Monthly Archives: February 2007

Do you have more time to waste?

Try this:

You swing from wires to try to go as far as you can. You fling them by click on the screen and the wire shoots towards the direction of the click. It will stick to the brightly colored regions for a few seconds but then release. Very Tarzan-like, AHH-ahh-ahha-haahhha! (FYI: That was my Tarzan voice)

UPDATE: My record is 70.46 91.74 137.36

HT: Tumbleo


Faith and Science: Historical Case Studies

Class Date: Friday, February 16, 2007

Dr. Boyd was in charge for another day. This time he covered topics from the history of science as an illustration of how science progresses. Using specific case studies from the history of scientific endeavor, we learn some important principles that undergird how we understand science as it is today.

Below are some of the topics that we touched on in this class:

  1. The UV Catastrophe: This serves as a good case study to see how scientific revolutions occur as well as a lesson about the dangers of extrapolation
  2. Causality: the difficulty of assessing the cause from the effect. Wearing skirts causes an increased likelihood of breast cancer
  3. Did Science arise in a Christian World? Did the Christian World help to create modern science? (see Eric Snow’s Paper)
  4. Positivism vs. Realism
  5. Galileo
  6. Michael Faraday
  7. Isaac Newton

Friday Random 10

I almost missed it again, but I didn’t forget. Here’s another edition of the Friday Random 10:

  1. “Sinking” by Jars of Clay (Jars of Clay)
  2. “Blessed Be The Name” by Andy Park (25 Top Vineyard Worship Songs)
  3. “I’ll Fly Away” by the Blackwood Brothers
  4. “A Lover’s Concerto” by The Toys
  5. “Bach’s Prelude and Fugue in E Flat Minor / D sharp Minor” by The Canadian Brass (The Essential Canadian Brass)
  6. “Any Man of Mine” by Shania Twain (Greatest Hits)
  7. “Great is Thy Faithfulness” by The Cathedrals
  8. “Hold On” by Selah (The Best of America)
  9. “In the Secret (I Want to Know You)” (Vineyard Music, Season of Renewal:The River is Here)
  10. “Such a Groovy Guy” by Weird Al Yankovic (Weird Al Yankovic)

Also, I am sorry for the light posting this week. I have been fairly busy due to events on the job front and I will be posting regarding this in the near future.

Friday Random 10 (late)

Sorry I missed Friday’s Random 10. That makes this, technically, a Monday Random 10 but we’ll overlook it this once.

  1. “Chevette” by Audio Adrenaline (Hit Parade)
  2. “More Than the Watchmen” by Jeremy Casella/Rebecca St. James (Worship God)
  3. “What If I Stumble?” by dc Talk (Jesus Freak) – One of my All-Time Favorites!!!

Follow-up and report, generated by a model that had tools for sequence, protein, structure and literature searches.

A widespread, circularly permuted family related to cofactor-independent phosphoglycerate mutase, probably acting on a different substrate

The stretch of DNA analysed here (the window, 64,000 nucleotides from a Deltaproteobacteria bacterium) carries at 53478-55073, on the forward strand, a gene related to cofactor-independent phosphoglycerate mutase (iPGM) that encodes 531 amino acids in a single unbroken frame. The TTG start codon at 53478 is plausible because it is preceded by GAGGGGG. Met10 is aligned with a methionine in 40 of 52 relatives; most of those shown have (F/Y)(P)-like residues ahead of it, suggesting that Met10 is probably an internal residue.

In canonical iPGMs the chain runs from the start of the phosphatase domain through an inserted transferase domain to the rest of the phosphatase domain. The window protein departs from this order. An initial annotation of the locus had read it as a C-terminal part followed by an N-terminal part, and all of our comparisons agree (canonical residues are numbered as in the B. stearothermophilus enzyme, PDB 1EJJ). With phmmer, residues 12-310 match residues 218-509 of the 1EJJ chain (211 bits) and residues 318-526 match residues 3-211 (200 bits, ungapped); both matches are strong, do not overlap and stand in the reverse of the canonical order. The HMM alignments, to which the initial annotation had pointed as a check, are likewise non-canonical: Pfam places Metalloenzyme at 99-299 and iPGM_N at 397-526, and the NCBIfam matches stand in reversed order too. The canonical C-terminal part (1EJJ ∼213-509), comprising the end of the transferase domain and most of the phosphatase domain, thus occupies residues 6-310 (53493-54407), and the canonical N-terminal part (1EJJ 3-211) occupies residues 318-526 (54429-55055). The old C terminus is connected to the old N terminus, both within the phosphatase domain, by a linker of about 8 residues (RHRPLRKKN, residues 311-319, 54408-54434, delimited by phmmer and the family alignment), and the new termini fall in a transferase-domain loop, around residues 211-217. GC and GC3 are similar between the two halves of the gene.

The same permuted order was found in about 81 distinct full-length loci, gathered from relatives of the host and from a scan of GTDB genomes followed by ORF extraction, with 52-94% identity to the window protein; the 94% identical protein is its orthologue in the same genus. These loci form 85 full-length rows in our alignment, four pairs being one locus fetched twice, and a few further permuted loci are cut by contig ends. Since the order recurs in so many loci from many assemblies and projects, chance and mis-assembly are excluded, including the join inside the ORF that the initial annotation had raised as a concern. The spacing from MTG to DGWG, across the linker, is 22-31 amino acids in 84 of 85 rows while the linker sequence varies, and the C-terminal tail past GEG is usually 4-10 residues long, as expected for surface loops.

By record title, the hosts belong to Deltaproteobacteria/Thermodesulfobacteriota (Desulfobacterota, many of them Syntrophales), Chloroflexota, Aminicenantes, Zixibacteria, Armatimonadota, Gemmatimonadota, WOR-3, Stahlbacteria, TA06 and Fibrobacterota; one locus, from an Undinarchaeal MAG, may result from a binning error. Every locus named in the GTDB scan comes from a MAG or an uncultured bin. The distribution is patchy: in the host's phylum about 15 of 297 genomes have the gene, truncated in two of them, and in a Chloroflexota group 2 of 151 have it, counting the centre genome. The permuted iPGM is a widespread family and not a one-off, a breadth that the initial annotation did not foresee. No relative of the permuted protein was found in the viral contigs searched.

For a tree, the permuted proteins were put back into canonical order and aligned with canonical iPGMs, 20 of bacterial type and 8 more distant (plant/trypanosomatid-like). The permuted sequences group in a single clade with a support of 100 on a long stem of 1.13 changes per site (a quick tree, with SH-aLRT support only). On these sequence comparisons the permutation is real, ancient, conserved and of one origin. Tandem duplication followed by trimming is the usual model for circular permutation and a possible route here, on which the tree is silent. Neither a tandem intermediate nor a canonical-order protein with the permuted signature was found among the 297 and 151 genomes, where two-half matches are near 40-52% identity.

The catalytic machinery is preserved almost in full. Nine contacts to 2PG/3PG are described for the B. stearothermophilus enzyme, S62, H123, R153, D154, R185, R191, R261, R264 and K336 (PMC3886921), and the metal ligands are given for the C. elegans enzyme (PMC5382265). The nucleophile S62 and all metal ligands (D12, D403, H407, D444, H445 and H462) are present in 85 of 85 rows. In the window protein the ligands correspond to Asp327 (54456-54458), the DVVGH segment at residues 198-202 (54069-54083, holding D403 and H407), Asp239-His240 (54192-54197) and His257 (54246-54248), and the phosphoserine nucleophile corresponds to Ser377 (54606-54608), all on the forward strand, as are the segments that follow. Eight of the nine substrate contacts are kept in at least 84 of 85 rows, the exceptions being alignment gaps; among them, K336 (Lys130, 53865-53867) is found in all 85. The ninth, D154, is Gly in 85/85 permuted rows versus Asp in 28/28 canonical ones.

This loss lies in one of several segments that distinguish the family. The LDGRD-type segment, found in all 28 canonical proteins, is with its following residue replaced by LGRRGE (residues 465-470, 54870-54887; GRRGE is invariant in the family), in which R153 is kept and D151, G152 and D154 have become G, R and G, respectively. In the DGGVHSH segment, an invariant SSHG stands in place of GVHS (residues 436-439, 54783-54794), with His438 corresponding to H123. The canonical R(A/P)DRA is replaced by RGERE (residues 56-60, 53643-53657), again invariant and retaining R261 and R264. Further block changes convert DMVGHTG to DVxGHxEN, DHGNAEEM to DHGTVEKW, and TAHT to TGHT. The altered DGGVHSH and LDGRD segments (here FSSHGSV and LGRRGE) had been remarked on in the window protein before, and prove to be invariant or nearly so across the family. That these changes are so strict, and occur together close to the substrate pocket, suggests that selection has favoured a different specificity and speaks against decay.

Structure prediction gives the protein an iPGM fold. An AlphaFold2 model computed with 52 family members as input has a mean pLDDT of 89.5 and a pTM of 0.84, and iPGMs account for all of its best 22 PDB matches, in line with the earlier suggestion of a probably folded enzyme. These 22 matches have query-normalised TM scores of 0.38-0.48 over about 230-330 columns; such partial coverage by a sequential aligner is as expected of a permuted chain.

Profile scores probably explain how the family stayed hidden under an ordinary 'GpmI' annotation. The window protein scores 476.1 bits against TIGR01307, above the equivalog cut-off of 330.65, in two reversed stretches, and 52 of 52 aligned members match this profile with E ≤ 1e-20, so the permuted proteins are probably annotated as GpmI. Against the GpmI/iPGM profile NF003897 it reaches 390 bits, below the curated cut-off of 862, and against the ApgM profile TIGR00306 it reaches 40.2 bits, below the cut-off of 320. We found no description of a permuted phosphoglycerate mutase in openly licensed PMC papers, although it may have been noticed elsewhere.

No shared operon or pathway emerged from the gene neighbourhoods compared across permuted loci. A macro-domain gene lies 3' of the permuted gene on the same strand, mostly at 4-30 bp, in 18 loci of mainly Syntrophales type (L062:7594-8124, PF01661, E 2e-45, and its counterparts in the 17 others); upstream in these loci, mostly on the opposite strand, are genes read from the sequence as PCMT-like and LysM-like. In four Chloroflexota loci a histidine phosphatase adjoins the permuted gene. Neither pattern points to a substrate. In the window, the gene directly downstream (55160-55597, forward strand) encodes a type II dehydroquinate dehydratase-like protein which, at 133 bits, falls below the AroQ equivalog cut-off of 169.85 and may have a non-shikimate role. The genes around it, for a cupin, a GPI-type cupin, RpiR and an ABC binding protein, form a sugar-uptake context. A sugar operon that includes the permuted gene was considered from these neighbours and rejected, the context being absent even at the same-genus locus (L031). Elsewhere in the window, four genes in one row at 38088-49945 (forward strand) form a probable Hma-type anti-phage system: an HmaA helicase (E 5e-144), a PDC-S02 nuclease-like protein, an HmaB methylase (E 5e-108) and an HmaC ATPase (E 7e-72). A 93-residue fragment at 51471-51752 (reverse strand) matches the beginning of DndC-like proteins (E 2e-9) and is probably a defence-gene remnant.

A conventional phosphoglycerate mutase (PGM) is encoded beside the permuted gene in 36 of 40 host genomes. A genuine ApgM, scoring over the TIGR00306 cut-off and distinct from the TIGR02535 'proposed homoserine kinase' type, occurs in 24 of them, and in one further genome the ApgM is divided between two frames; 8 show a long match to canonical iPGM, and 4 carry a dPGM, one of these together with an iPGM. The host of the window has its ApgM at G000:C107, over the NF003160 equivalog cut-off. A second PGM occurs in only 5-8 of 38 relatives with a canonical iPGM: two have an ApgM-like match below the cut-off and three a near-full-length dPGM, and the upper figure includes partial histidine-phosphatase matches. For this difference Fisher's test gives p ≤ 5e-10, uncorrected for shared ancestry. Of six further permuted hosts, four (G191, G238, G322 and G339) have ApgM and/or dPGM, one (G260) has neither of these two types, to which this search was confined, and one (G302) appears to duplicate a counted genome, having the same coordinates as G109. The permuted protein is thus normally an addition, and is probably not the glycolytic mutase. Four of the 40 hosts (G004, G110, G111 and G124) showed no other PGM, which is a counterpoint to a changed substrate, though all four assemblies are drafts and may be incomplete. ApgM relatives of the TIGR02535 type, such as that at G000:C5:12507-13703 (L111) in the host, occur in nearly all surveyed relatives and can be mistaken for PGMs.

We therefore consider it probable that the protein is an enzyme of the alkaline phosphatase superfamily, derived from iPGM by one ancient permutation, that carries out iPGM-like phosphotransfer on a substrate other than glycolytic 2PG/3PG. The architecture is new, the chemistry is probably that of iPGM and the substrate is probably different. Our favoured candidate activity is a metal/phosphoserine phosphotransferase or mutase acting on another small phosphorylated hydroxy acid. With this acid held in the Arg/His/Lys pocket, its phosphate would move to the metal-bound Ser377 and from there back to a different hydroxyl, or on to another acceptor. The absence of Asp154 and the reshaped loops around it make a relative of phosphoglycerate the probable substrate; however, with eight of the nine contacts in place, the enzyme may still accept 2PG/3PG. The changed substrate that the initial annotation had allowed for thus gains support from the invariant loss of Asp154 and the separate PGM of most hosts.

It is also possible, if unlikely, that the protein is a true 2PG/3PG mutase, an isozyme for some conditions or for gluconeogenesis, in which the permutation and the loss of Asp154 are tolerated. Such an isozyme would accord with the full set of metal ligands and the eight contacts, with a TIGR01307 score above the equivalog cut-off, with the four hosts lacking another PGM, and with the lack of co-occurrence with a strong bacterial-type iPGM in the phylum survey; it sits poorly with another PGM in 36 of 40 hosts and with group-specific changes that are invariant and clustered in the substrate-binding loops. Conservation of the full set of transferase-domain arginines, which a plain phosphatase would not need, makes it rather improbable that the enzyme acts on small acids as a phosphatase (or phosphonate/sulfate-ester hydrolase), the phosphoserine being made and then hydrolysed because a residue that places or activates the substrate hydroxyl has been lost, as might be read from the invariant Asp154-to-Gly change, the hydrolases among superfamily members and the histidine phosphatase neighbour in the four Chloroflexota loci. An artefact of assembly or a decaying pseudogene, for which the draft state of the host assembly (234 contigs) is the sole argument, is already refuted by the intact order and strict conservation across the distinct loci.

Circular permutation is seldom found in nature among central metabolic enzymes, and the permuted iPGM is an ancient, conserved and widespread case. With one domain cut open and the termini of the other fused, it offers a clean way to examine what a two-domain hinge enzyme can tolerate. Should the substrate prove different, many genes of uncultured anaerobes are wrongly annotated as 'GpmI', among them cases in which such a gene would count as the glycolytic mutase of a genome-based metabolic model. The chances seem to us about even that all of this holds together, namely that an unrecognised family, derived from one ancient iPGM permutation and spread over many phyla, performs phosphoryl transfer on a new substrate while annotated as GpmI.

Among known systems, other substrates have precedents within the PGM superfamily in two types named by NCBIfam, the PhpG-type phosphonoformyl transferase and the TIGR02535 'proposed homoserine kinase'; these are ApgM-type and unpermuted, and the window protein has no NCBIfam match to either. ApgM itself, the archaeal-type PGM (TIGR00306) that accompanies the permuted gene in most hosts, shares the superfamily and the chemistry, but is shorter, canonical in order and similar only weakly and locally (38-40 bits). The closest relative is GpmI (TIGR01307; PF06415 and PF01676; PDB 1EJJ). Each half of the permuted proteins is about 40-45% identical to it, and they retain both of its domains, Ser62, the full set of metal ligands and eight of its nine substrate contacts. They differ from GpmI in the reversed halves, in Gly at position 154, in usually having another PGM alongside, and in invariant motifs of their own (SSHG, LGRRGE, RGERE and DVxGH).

4. “I Thank You, Lord” by Alicia Williamson (New Orleans Homecoming)
  5. “He Understands My Tears” by The Isaacs (New Orleans Homecoming)
  6. “He Didn’t Have To But He Did” by Shiloh Quartet (Jesus Knows Who I Am)
  7. “Sixteen Candles” by The Crests (Happy Days 50’s And 60’s)
  8. “We Will Dance” by David Ruis (Refiner’s Fire: 25 Top Vinyard Worship Songs Disc 2)
  9. “Quiet You With My Love” by Matt Bronleewe/Rebecca St. James (Worship God)
  10. “Just to be with You” by Third Day – This makes two from the all-time favorites list making it onto the random 10

In light of a couple of results on this list, I am going to have to start keeping track of the Official All Time Favorites List as they appear on the Friday Random 10. Once this list reaches a significant number, it will become an official page on this blog.

Intermediate Analysis: Supremums and Infimums

Thursday morning, three students presented homework problems at the board. I followed this with a lecture introducing the concepts of supremum and infimum of a set. Because I got a little sidetracked, I did not quite make it to the Completeness Axiom.

What was the “rabbit chase” for this class? Well, at least a couple of students had commented to me, outside of class, on the difficulty they’ve had with recent homework assignments. They pointed out that they work and work and often can’t make any headway on a few of the proofs. They seemed a little discouraged by the fact that they need help from their professor on every assignment.

I took class time to reassure them that they are not alone. Just about everyone in the class is going through the same thing. I pointed out the fact that I was in their place not that long ago. In fact, since I also did my undergrad here at Wayland, I was almost exactly in their place. I recounted tales of my discouragement as well as the fact that I also spent time in my professor’s office get help on almost every assignment. I was largely motivated by a reader of this blog, who is also a blogger I read regularly. He has recently made the point that the students can gain a new level of insight to a subject by seeing the learning process that the instructor, themselves went through to understand certain concepts.

In my mind, although some may disagree, it does not get any harder as an undergrad than a senior level mathematics course. There are many courses that require as much “work” as a course like this, but I can’t think of too many that require such an high level of abstract and critical thinking. I’ve yet to be convinced otherwise. However, I’ll admit that my undergraduate Physical Chemistry class may have been close.

Next time, we’ll finally cover the completeness axiom.